Title:
Data boundary identification
United States Patent 9690668
Abstract:
A system and method obtain a set of data and identify successive subsets of data within the set of data. A boundary identifying hash is calculated on a subset of data and compared with a boundary indicating value. If the calculated boundary identifying hash matches the boundary indicating value, a natural boundary is identified in the set of data.


Inventors:
Reddy, Chandra (South Setauket, NY, US)
Karonde, Pratap (Ronkonkoma, NY, US)
Parikh, Prashant (Holtsville, NY, US)
Application Number:
12/130517
Publication Date:
06/27/2017
Filing Date:
05/30/2008
Assignee:
CA, Inc. (New York, NY, US)
Primary Class:
1/1
International Classes:
G06F7/00; G06F11/14; G06F17/30
View Patent Images:
US Patent References:
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Other References:
Teodosiu et al. “Optimizing File Replication over Limited-Bandwidth Networks using Remote Differential Compression”, 2006. Research Microsoft.
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U.S. Appl. No. 12/130,548, filed May 30, 2008, File Change Detection.
U.S. Appl. No. 12/130,514, filed May 30, 2008, System and Method of Searching for Duplicate Data.
Primary Examiner:
Kuddus, Daniel
Attorney, Agent or Firm:
Gilliam IP PLLC
Parent Case Data:

RELATED APPLICATIONS

This is a U.S. Patent Application that claims priority under 35 U.S.C. §119(e) to U.S. Provisional Patent Application titled “SYSTEM AND METHOD OF SEARCHING FOR DUPLICATE DATA,” (Ser. No. 61/033,920) filed on Mar. 5, 2008 which is incorporated by reference in its entirety herein.

Claims:
The invention claimed is:

1. A computer-implemented method comprising: identifying chunk boundaries in a data set and determining variable size data chunks within the data set based, on identifying the chunk boundaries, wherein identifying each of the chunk boundaries comprises, calculating, with a first hash function that is a rolling hash function, boundary identifying hashes based on progressively shifting a window over the data set until either reaching a maximum chunk size or matching a first boundary indicating value; after calculating each of the boundary identifying hashes, comparing the boundary identifying hash with the first boundary indicating value to determine whether the boundary identifying hash matches; before shifting the window, determining whether a size of data within the window and trailing the window since a preceding chunk boundary is equal to the maximum chunk size to determine whether the maximum chunk size has been reached; wherein each of the variable size data chunks is determined when the maximum chunk size is reached or a corresponding one of the chunk boundaries is identified, wherein each of the variable size data chunk comprises data within the window and data trailing the window since a preceding chunk boundary when the maximum chunk size is reached or when the corresponding one of the chunk boundaries is identified; calculating hashes of each of the variable size data chunks using a second hash function that is different than the first hash function; determining ones of the variable size data chunks to back up based on the calculated hashes of the variable size data chunks; and backing up the determined ones of the variable size data chunks.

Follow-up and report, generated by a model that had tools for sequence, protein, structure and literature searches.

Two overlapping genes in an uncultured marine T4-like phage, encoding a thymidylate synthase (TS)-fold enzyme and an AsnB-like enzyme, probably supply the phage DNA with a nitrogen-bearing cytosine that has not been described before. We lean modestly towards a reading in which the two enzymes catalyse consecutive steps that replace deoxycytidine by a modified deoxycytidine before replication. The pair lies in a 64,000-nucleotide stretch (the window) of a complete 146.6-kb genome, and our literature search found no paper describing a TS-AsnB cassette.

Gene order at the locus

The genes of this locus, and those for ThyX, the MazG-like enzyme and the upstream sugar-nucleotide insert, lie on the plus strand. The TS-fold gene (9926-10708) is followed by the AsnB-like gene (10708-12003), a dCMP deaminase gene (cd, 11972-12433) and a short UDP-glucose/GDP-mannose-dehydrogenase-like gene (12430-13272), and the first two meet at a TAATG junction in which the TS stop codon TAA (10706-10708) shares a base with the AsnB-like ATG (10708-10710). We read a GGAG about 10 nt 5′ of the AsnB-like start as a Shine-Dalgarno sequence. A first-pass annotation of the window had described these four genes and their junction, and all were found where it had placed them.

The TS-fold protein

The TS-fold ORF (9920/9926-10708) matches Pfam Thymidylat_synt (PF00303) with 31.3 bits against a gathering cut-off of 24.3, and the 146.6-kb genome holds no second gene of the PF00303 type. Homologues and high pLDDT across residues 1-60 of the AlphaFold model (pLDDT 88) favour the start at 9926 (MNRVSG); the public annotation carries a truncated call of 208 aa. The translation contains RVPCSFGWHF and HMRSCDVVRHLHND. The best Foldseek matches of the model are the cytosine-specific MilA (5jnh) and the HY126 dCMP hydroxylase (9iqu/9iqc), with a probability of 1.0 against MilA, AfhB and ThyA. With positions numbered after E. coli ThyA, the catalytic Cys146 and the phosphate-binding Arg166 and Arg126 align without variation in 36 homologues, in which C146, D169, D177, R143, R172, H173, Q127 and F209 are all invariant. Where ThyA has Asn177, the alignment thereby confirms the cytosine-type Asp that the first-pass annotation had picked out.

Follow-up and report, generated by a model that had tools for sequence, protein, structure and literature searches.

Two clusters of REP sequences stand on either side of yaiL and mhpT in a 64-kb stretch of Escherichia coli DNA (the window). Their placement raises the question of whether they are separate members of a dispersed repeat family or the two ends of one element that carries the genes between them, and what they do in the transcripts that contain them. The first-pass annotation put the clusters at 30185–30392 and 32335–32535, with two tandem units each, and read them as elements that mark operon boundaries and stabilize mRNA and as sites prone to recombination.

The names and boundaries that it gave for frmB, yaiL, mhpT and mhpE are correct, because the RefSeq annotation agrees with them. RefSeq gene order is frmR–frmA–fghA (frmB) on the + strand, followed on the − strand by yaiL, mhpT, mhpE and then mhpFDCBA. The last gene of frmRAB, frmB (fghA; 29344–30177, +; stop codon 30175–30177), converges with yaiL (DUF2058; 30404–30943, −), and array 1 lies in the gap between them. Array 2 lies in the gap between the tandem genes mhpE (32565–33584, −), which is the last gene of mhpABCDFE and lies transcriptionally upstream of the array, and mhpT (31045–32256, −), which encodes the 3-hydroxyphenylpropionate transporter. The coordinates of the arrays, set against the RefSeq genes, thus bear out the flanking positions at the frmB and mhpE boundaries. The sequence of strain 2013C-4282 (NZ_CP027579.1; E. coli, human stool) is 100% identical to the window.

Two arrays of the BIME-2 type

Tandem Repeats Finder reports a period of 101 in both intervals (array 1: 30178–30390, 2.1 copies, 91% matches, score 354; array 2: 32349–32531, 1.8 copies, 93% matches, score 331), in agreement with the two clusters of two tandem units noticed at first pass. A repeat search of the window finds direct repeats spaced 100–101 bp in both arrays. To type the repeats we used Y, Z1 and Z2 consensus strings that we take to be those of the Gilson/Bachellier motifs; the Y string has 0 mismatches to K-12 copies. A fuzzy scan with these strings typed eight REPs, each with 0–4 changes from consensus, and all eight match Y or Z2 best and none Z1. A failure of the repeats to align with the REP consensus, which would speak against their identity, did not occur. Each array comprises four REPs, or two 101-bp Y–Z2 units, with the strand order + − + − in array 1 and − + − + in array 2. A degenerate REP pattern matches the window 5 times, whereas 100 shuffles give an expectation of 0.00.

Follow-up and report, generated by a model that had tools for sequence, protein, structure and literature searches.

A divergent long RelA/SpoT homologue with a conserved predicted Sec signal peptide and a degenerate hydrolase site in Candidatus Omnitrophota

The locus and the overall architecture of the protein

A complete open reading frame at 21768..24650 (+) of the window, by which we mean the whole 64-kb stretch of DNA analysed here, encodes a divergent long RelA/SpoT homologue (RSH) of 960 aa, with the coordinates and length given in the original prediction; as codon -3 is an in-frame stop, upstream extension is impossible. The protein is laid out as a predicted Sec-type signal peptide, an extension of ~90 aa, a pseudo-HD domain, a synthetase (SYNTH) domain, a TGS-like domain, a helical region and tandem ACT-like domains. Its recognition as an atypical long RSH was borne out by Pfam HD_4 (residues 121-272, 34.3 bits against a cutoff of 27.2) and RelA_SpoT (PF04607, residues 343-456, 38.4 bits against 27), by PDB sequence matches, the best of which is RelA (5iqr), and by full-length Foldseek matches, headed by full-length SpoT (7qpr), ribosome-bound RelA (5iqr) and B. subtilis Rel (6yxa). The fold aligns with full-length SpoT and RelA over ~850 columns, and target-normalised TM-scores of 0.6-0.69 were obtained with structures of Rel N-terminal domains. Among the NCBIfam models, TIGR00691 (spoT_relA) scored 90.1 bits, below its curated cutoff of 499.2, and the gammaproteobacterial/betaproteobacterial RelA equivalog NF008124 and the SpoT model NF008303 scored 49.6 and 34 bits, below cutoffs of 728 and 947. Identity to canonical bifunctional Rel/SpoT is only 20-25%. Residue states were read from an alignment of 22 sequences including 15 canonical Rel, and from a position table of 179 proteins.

2. The computer-implemented method of claim 1, wherein the first hash function is an Adler hash function and the second hash function is a MD5 hash function.

3. The computer-implemented method of claim 1, wherein identifying each of the chunk boundaries further comprises: for determining each of the variable size data chunks, comparing the boundary identifying hashes corresponding to the variable size data chunk with a second boundary indicating value as well as the first boundary indicating value until matching at least one of the boundary indicating values, wherein identifying the chunk boundary corresponding to the variable size data chunk is based on the second boundary indicating value when none of the boundary identifying hashes corresponding to the variable size data chunk matches the first boundary indicating value but at least one matches the second boundary indicating value.

4. The computer-implemented method of claim 1 further comprising: for each variable size data chunk determined based on identifying a chunk boundary, calculating, with the first hash function, a hash of the size of the variable size data chunk; and forming a signature for the variable size data chunk with the hash of the size of the variable size data chunk, the boundary identifying hash that identified the chunk boundary of the variable size data chunk, and the hash of the variable size data chunk; wherein determining ones of the variable size data chunks to back up comprises comparing the formed signatures to signatures in a database and indicating the ones of the variable size data chunks for which no matching signature is found as the ones of the variable size data chunks to back up.